When the Euro Is Down, the Appeal of German Stocks Is Up

When a currency is falling, investors should start looking for blue chip bargains from that country.German-Flag

That is why Warren Buffett recently bought more shares of Canadian energy firm Suncor (NYSE: SU) as he was selling off millions of shares of ExxonMobil (NYSE: XOM) and ConocoPhillips (NYSE: COP), which are both headquartered in America.

The Canadian dollar is down due to the plunge in the price of natural resources, resulting in assets priced in the loonie now selling at a discount.

The same is true for many German stocks due to the fall in the euro. These companies include SAP SE (NYSE: SAP), a software company; Siemens AG (OTC:  SIEGY), a global technology company; Daimler AG (OTC: DDIAF), the maker of Mercedes-Benz and other automobiles; and Volkswagen AG (OTC:  VLKAY), which competes yearly with Toyota Motors (NYSE: TM) for the title of the world’s biggest motor vehicle company.

Utilizing the euro as its currency is a huge advantage for German companies, and also for savvy investors.

That is particularly true for those living in countries whose currencies are faring well against the euro. This is presently the case with the U.S. dollar and American investors. And many economists expect the euro to fall even more against the greenback, as Europe’s recovery from the Great Recession has not been as robust as America’s.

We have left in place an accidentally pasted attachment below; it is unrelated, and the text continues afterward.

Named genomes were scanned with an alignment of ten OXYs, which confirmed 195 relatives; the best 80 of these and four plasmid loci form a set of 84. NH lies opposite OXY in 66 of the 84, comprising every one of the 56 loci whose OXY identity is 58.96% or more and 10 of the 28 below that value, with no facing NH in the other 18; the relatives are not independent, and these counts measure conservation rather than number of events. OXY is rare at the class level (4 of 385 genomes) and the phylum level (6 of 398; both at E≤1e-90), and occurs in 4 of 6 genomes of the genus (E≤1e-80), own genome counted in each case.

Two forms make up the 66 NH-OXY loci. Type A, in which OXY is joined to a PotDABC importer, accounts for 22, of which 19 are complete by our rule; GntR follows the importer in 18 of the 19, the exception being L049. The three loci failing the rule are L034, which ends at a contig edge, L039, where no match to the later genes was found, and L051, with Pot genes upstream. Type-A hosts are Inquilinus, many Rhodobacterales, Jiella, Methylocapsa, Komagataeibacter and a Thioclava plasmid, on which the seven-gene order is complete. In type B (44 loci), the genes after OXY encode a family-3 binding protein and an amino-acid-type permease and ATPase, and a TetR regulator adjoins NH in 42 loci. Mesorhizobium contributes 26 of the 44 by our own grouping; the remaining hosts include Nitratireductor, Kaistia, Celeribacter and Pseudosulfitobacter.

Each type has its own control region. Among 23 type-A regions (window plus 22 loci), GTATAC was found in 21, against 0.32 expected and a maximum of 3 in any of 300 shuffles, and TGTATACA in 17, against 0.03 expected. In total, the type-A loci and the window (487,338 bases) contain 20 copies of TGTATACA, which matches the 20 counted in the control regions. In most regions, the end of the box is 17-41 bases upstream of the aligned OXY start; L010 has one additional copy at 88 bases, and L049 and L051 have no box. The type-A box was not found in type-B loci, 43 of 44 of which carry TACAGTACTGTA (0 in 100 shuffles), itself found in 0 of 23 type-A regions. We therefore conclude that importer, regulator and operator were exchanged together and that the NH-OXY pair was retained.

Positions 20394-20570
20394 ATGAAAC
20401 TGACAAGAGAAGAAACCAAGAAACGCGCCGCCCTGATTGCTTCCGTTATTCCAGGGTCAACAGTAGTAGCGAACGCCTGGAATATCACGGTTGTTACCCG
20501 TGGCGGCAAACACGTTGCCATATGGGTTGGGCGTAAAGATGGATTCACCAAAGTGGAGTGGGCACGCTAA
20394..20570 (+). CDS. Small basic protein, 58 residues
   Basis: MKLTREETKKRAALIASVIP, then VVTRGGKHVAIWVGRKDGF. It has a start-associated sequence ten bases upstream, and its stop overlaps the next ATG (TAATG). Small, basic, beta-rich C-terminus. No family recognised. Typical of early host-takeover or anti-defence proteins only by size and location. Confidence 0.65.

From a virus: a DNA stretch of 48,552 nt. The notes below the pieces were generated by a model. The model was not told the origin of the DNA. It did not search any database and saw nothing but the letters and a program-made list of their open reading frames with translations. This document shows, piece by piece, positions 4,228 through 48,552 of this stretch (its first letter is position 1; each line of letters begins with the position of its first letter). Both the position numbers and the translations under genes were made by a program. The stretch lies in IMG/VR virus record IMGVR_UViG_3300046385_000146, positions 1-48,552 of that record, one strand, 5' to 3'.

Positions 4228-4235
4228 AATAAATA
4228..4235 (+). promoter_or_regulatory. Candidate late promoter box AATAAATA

A weak euro fortifies German companies in a variety of ways. When the domestic currency is weak, exports trade at a discount against stronger monetary units. As a result, goods priced in euros now are much more attractive in the United States due to its decline against the dollar.

PowerShares DB US Dollar Bullish (NYSE: UUP), a major exchange traded fund for the U.S. dollar, is up about 22% over the last year of market action. Currency Shares Euro (NYSE: FXE), a major ETF for the euro, has dropped around 23% for that same time period.

That is a huge advantage for major German exporters, such as Siemens, Volkswagen and Daimler.

Volkswagen has operations in approximately 150 nations. Motor vehicles from Daimler, such as the Mercedes-Benz, set the standard for luxury around the world. The sun never sets on the Siemens corporate empire as it has, according to its website, “office buildings, warehouses, research and development facilities or sales offices in almost every country in the world.”

Germany exports almost as much as the United States, based on the value of goods. If the euro collapsed and Germany went back to its own currency, its exporters would lose a tremendous currency advantage. The value of a German currency unit would be much higher than one for the entire European Union, resulting in higher prices for exports.

For that reason, German officials will do everything they can to protect the euro. Therefore, investors should take advantage of a weak euro to pick up German stocks with a strong global presence, such as Siemens and Volkswagen, among many others.

Jonathan Yates does not have a position in any of the securities mentioned in this article.

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